Despite the Dow Jones Industrial Average remaining above the 20,000 mark at the end of the previous trading week, investors became more risk averse after learning that Q4 GDP growth failed to reach 3%— breaking an 11-year streak—and that durable-goods orders fell in December for the second consecutive month. Concerns over the weekend about the poorly implemented immigration ban and a heavy week ahead for corporate earnings, economic data, and the Federal Reserve Board’s February policy meeting caused some investors to take their recent hard-won profits off the table, and the Dow experienced on Monday, January 30 its largest one-day percentage drop since October 2016. Nonetheless, for the second consecutive week fund investors were net purchasers of fund assets (including those of conventional funds and exchange-traded funds [ETFs]), injecting $4.3 billion for the fund-flows week ended February 1, 2017. While investors were net redeemers of money market funds (-$12.4 billion), they were net purchasers of equity funds (+$13.8 billion), taxable bond funds (+$2.8 billion), and municipal bond funds (+$14 million).
On Friday, January 27, reports of lower-than-expected U.S. GDP and durable goods orders and some mixed earnings reports cast a pall over the markets; however, the Dow closed at a record 20,093.78. The markets were taken down a notch on Monday, January 30, as investors wrestled with President Trump’s recent policy decisions. The CBOE Volatility Index (VIX) experienced its largest one-day jump in just about five months, rising 11% on the day to 11.79 (still well below the long-term average of 20.00). Despite learning that consumer spending rose 0.5% for December (the largest December increase since 2009), investors appeared to be keeping an eye on the upcoming Fed policy meeting and the heavy releases of Q4 earnings this past week. The major indices posted their third consecutive month of plus-side returns for January, with the NASDAQ posting its best monthly return (+4.30%) since July 2016. At the end of the fund-flows week on Wednesday the market closed higher after the Federal Reserve kept interest rates steady and offered a positive view of the economy. In addition, Apple handily beat analyst expectations, and ADP reported the private sector added 246,000 jobs for January.
For the first week in three equity ETFs witnessed net inflows, attracting just a little under $15.3 billion for the flows week. Authorized participants (APs) were net purchasers of domestic equity ETFs (+$13.6 billion), injecting money into the group for the first week in three. For the sixth week running nondomestic equity ETFs also witnessed net inflows, this past week attracting $1.6 billion. SPDR S&P 500 ETF (+$3.8 billion), PowerShares QQQ Trust 1 (+$1.5 billion), and iShares Russell 2000 ETF (+$0.8 billion) attracted the largest amounts of net new money of all individual equity ETFs. At the other end of the spectrum Utility Select Sector SPDR ETF (-$288 million) experienced the largest individual net redemptions, and Technology Select Sector SPDR ETF (-$209 million) suffered the second largest net redemptions for the week.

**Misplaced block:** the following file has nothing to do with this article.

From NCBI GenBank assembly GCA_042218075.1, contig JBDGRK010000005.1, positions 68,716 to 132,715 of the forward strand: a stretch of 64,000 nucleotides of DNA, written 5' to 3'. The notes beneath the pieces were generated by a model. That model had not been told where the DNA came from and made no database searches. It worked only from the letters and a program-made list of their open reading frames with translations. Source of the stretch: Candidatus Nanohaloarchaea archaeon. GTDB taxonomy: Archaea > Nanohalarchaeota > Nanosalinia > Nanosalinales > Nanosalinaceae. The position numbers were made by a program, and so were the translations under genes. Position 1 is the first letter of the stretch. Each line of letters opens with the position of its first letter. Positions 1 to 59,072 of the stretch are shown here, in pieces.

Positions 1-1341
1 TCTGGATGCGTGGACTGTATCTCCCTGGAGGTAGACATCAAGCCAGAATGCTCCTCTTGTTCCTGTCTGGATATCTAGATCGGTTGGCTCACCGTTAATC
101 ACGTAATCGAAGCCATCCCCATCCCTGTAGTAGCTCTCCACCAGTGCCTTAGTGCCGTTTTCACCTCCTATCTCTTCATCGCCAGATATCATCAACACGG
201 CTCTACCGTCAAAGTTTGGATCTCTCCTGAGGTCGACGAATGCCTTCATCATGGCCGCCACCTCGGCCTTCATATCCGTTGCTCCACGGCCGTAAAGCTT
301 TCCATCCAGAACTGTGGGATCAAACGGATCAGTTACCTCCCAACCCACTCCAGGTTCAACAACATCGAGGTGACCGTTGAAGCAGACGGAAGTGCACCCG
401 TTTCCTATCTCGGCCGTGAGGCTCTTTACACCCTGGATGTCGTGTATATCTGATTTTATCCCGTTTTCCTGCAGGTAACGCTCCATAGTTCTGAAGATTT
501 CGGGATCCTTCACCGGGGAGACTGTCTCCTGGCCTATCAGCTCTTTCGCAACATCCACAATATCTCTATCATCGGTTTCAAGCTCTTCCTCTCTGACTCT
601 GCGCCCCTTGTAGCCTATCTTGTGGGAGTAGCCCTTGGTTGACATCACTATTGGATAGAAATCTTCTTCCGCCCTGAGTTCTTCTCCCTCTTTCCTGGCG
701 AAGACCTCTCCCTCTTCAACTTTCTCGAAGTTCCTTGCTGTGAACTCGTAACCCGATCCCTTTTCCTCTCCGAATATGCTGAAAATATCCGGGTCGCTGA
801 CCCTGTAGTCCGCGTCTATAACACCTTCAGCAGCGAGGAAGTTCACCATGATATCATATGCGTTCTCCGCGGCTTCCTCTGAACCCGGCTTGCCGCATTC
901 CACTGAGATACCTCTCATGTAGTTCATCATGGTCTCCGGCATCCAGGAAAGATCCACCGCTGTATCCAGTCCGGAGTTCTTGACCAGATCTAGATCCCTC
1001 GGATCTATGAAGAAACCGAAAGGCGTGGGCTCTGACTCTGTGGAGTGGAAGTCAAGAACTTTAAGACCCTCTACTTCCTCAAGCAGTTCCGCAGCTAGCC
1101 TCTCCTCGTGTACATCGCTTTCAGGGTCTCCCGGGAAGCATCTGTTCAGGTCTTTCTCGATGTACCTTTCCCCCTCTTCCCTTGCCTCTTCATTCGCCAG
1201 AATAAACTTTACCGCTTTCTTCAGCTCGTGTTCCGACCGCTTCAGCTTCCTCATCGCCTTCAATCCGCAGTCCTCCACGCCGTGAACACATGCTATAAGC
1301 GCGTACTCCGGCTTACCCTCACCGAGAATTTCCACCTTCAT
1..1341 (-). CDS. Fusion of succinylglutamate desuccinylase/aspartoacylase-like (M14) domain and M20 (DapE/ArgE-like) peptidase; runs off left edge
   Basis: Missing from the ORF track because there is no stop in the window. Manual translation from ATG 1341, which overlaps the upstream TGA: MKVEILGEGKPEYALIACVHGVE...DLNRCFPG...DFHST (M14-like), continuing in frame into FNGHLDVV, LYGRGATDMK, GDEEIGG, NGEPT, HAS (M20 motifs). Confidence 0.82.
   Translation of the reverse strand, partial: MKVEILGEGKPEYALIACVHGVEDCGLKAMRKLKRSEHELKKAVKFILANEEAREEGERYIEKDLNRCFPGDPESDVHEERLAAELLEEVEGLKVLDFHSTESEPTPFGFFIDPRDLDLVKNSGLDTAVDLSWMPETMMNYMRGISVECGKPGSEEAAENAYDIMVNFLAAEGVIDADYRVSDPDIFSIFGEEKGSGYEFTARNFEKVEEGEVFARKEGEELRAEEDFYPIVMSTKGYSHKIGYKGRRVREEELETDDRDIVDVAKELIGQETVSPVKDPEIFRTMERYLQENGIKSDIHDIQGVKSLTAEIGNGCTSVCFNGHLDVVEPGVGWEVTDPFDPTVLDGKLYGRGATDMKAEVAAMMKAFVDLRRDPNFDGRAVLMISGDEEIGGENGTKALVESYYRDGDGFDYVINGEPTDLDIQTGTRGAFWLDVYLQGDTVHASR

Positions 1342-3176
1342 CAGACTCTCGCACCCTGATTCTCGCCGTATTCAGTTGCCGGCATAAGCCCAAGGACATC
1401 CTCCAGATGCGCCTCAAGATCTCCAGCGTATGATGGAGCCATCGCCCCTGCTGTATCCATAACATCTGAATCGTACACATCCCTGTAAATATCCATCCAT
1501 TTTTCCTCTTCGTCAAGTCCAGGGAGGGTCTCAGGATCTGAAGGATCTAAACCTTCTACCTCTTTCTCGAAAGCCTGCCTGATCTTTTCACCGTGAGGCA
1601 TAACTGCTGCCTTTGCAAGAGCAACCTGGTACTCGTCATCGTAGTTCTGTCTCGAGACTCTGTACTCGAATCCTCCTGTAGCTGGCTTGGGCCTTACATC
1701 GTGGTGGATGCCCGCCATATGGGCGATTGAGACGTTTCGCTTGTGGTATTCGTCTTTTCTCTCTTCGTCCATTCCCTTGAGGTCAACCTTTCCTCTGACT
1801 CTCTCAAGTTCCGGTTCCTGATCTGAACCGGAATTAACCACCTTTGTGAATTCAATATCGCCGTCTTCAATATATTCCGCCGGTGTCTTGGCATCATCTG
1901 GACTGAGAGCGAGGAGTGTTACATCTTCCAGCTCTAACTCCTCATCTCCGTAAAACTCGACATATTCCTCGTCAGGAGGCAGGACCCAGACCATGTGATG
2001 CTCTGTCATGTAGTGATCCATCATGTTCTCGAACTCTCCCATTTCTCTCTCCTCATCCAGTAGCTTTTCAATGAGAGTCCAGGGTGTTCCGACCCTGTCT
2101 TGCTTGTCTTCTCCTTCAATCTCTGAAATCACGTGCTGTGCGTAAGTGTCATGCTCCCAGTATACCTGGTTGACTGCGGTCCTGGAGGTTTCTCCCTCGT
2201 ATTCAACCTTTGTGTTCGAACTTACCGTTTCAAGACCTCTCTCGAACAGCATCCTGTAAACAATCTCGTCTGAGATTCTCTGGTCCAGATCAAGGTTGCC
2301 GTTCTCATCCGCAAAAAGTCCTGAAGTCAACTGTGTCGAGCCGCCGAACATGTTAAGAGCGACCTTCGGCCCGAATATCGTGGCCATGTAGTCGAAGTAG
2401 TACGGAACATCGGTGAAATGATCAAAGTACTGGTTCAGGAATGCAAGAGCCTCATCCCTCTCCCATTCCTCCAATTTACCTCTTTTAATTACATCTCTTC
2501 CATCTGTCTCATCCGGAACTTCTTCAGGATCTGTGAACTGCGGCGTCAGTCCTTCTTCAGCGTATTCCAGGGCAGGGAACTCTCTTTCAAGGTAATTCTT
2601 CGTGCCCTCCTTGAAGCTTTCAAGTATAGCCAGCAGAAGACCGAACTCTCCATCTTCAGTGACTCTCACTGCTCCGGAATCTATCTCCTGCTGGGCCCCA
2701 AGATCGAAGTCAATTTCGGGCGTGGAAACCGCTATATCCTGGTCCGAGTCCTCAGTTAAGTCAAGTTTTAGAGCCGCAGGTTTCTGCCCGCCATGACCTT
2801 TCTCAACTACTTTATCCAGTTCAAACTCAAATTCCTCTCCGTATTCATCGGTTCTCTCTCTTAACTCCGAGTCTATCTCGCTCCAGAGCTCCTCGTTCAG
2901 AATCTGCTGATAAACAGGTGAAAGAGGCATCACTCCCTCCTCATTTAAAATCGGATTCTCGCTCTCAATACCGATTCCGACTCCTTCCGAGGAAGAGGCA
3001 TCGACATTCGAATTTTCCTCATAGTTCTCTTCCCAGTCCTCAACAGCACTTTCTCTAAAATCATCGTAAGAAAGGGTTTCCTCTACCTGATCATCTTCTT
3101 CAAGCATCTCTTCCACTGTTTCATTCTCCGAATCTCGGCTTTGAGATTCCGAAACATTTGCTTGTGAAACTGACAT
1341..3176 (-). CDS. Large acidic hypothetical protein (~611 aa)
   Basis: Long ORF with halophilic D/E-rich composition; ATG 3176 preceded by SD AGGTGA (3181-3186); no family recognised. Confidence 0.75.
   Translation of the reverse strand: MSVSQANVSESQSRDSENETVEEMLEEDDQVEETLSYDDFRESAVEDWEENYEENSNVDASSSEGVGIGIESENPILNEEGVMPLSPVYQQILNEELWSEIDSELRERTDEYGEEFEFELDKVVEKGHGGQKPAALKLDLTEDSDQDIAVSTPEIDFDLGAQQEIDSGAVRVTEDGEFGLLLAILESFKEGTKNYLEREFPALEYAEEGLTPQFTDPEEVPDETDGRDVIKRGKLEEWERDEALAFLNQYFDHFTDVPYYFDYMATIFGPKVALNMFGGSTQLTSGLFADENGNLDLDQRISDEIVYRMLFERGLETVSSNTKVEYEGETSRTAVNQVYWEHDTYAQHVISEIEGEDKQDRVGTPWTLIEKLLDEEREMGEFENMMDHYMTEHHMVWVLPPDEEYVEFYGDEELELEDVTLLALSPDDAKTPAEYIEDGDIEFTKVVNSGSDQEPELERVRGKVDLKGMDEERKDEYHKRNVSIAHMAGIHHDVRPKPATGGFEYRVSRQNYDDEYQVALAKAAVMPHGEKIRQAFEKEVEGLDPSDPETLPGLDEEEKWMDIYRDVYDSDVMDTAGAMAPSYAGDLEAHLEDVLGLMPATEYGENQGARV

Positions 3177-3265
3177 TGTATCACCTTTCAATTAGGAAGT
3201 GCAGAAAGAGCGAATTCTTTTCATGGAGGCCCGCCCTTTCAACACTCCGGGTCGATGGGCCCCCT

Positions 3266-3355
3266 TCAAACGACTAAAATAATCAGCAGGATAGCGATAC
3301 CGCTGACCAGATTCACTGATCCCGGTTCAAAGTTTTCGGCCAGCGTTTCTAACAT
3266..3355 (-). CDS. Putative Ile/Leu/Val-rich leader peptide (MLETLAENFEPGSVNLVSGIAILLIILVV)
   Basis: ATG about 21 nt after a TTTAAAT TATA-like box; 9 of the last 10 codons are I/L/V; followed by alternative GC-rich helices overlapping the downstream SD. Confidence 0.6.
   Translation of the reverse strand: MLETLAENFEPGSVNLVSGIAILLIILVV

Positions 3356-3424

For the fifth consecutive week conventional fund (ex-ETF) investors were net redeemers of equity funds, redeeming $1.5 billion. Domestic equity funds, handing back a little more than $0.9 billion, witnessed their fifth week of net outflows, and they posted a 0.90% loss on average for the flows week. Meanwhile, their nondomestic equity fund counterparts, posting a 0.52% performance loss on average for the week, also witnessed net outflows (-$523 million), suffering a second consecutive week of net redemptions. On the domestic equity side fund investors continued to shun large-cap funds (-$1.2 billion net), while on the nondomestic side they shunned global equity funds (-$0.7 billion).
For the fifth week in a row taxable bond funds (ex-ETFs) witnessed net inflows, attracting $760 million. International & global debt funds witnessed the largest net outflows of the group, handing back $274 million, while corporate high-yield funds witnessed the next largest net outflows (-$207 million). Corporate investment-grade debt funds experienced the largest net inflows, taking in slightly less than $1.5 billion for the week. With the Federal Open Market Committee’s holding rates steady as a result of this past week’s meeting and not making any material changes to its guidance, it wasn’t too surprising to see Thomson Reuters Lipper’s Treasury Inflation-Protected Bond Funds classification taking in money for the thirteenth consecutive week (+$126 million) and bank loan funds witnessing their twelfth week of net inflows, attracting some $692 million for the week. For the fourth consecutive week municipal bond funds (ex-ETFs) witnessed net inflows, this past week taking in $84 million.
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